As the coronavirus threatens to spread across the Lynchburg region, Liberty University officials are preparing to welcome back up to 5,000 students from spring break this week.
Defying a national trend of campus closures, President Jerry Falwell Jr. has invited students to return to residence halls and has directed faculty members to continue to report to campus even as most classes move online.
In an interview Sunday night, Falwell said somewhere between several hundred to more than 5,000 students are expected to live in campus dorms, where they will continue coursework online rather than in classrooms.
Meanwhile, hundreds of professors and instructors without a valid health exemption will come to campus to hold office hours.
“I think we have a responsibility to our students — who paid to be here, who want to be here, who love it here — to give them the ability to be with their friends, to continue their studies, enjoy the room and board they’ve already paid for and to not interrupt their college life,” Falwell said.
Falwell’s decision leaves Liberty as an outlier among the scores of colleges and universities across the country that have shut down to help limit the spread of the disease known as COVID-19.
The threat of the coronavirus became more immediate for the region this weekend when the Virginia Department of Health announced cases in Amherst and Bedford counties. Statewide, as of Monday evening, more than 250 people have contracted the disease and seven have died.
In response to the pandemic, several nearby institutions have instructed faculty to work remotely and have limited dorms to students unable to return home. At the University of Lynchburg, 19 students continue to live in dorms while at Randolph College just five remain on campus.
In contrast with other schools, Liberty’s dorms, academic buildings, library and fitness center remain open.
The university has taken some steps to help slow the virus’ spread. Gatherings in campus buildings, including a handful of classes still holding in-person meetings, are capped at 10 people in accordance with an order by Gov. Ralph Northam.
Similarly, dining halls are only providing take-out service, and campus visits have been suspended.
On Monday, Northam directed all non-essential businesses to close by the start of Wednesday. Non-essential services were identified as all places of indoor public amusement as well as fitness centers, and salons that cannot comply with social distancing guidelines. It is unclear how that order will affect Liberty.
Falwell, who has publicly downplayed the threat of the virus in recent weeks, said he is confident the school has taken the proper steps to prepare for a campus outbreak. He said Liberty officials have identified an old hotel owned by the university as a place to quarantine students who fall ill.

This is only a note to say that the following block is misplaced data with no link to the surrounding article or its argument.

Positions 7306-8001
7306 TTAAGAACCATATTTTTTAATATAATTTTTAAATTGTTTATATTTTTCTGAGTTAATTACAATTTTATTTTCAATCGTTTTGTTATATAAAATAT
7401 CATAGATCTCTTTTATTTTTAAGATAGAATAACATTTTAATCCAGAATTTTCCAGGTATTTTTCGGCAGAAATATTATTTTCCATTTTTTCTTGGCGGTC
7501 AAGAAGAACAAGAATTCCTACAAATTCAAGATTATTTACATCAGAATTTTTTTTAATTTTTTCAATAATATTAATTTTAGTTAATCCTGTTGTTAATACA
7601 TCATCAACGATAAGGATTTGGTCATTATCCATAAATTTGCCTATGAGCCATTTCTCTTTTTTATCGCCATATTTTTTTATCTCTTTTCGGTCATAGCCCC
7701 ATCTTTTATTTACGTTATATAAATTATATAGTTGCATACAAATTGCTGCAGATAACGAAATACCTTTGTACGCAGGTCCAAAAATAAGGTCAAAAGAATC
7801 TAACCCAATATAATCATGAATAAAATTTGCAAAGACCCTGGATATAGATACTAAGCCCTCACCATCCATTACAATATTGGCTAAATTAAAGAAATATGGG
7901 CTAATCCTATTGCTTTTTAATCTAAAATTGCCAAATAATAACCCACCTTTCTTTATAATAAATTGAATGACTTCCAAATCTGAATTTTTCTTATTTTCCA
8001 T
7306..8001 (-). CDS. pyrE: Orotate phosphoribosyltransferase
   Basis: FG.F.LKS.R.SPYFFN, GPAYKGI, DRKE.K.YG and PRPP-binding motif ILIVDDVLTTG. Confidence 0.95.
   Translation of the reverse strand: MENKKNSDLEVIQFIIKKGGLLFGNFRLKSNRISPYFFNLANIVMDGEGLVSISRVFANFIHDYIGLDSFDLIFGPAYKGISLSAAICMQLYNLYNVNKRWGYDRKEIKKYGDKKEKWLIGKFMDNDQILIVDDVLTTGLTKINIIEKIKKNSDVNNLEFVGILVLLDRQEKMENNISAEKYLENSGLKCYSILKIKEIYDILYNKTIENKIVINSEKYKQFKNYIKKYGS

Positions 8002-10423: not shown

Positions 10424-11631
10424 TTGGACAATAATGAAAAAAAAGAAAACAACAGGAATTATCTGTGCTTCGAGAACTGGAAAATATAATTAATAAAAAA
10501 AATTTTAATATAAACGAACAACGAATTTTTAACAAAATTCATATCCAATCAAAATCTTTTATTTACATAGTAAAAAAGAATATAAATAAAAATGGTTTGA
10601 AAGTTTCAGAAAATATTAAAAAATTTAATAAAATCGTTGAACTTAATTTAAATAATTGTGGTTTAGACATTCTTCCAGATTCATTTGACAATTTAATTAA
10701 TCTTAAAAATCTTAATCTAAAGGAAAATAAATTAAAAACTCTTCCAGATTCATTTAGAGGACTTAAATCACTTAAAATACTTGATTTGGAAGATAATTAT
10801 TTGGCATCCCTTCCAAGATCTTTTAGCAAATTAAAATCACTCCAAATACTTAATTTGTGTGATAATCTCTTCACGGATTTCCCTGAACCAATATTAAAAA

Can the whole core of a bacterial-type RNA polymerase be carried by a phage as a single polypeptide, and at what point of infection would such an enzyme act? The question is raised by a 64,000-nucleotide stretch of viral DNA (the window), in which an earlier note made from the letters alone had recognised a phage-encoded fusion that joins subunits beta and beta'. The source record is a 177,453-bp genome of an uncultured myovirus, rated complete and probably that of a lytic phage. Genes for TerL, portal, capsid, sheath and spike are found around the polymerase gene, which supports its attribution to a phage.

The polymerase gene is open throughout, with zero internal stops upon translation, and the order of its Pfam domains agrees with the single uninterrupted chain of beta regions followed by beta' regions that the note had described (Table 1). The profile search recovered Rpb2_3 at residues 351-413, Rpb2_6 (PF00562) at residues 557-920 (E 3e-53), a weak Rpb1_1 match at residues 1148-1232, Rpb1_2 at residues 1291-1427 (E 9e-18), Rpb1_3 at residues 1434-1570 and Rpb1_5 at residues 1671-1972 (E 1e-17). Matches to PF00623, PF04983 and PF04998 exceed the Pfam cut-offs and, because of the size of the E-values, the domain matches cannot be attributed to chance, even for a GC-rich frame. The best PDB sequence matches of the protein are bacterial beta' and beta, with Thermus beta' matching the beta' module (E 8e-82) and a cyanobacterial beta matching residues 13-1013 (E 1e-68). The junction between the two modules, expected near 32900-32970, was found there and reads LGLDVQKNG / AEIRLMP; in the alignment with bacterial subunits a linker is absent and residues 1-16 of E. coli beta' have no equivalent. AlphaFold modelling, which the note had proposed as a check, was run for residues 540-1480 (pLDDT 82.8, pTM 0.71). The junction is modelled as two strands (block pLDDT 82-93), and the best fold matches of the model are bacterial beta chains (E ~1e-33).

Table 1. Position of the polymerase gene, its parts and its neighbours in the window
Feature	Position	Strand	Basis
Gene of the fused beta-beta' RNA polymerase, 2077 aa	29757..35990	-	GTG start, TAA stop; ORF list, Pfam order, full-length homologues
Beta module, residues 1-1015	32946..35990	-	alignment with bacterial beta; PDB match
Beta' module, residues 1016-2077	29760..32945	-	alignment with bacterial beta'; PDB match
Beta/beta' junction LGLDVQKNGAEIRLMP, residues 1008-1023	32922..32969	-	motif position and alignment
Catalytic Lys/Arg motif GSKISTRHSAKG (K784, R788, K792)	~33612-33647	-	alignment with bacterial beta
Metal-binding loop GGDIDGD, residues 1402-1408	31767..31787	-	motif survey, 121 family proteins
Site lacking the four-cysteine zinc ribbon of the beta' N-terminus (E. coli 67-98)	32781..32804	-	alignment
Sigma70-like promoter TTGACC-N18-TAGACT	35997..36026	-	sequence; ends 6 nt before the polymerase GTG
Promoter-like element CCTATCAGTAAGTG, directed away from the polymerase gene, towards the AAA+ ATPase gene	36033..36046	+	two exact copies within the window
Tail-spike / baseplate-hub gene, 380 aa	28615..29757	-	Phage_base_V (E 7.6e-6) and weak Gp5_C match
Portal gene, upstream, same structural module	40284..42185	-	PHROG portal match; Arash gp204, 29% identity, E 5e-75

“I think we, in a way, are protecting the students by having them on campus together,” he said. “Ninety-nine percent of them are not at the age to be at risk and they don’t have conditions that put them at risk.”
Some Liberty faculty members have questioned whether Falwell’s actions have gone far enough.
In a blunt opinion piece published by Religion News Service on Sunday, longtime English Professor Marybeth Davis Baggett called on Liberty’s board of trustees to overrule Falwell’s decision to keep campus open.
“Many students, faculty, and staff have health conditions that would make COVID-19 difficult to fight,” Baggett wrote. “And of course, Liberty is not a bubble where the virus would be contained. Instead, its population comes into regular contact with those in the Lynchburg community, putting their health and lives at risk as well.”
In an interview with The News & Advance, Baggett said she has refused to return to campus during the course of the pandemic.
“Lives are at stake,” Baggett, who plans to join the Houston Baptist University faculty this fall after 17 years at Liberty, said. “I think this decision is a recipe for disaster and I have been trying to push that as much as I have been able to internally.”
For some students life on campus has already resumed, albeit under unusual circumstances.
Senior Christian Griffith returned to his east campus dorm Thursday. He said of the about 70 students who normally live in the building, only around 20 since have moved back in.
“It’s a pretty empty campus,” he said. “The number of students seems to be low.”
Other students returned only briefly to meet a Tuesday night deadline to complete the move out process. According to an announcement sent to students Saturday, the university is now considering offering refunds or credits to students who choose to move off campus.
Though Griffith is concerned about the swiftly spreading virus, the Charlottesville native said he is happy to have a place to stay in Lynchburg. Both of his parents work at the University of Virginia Medical Center and living at home, he said, could pose a greater health risk than living in a dorm.
To protect himself, Griffith has stocked up on food and plans to spend his day indoors binging television shows, studying for classes and reading the Bible.
“I’m not going to leave unless I need to,” he said.
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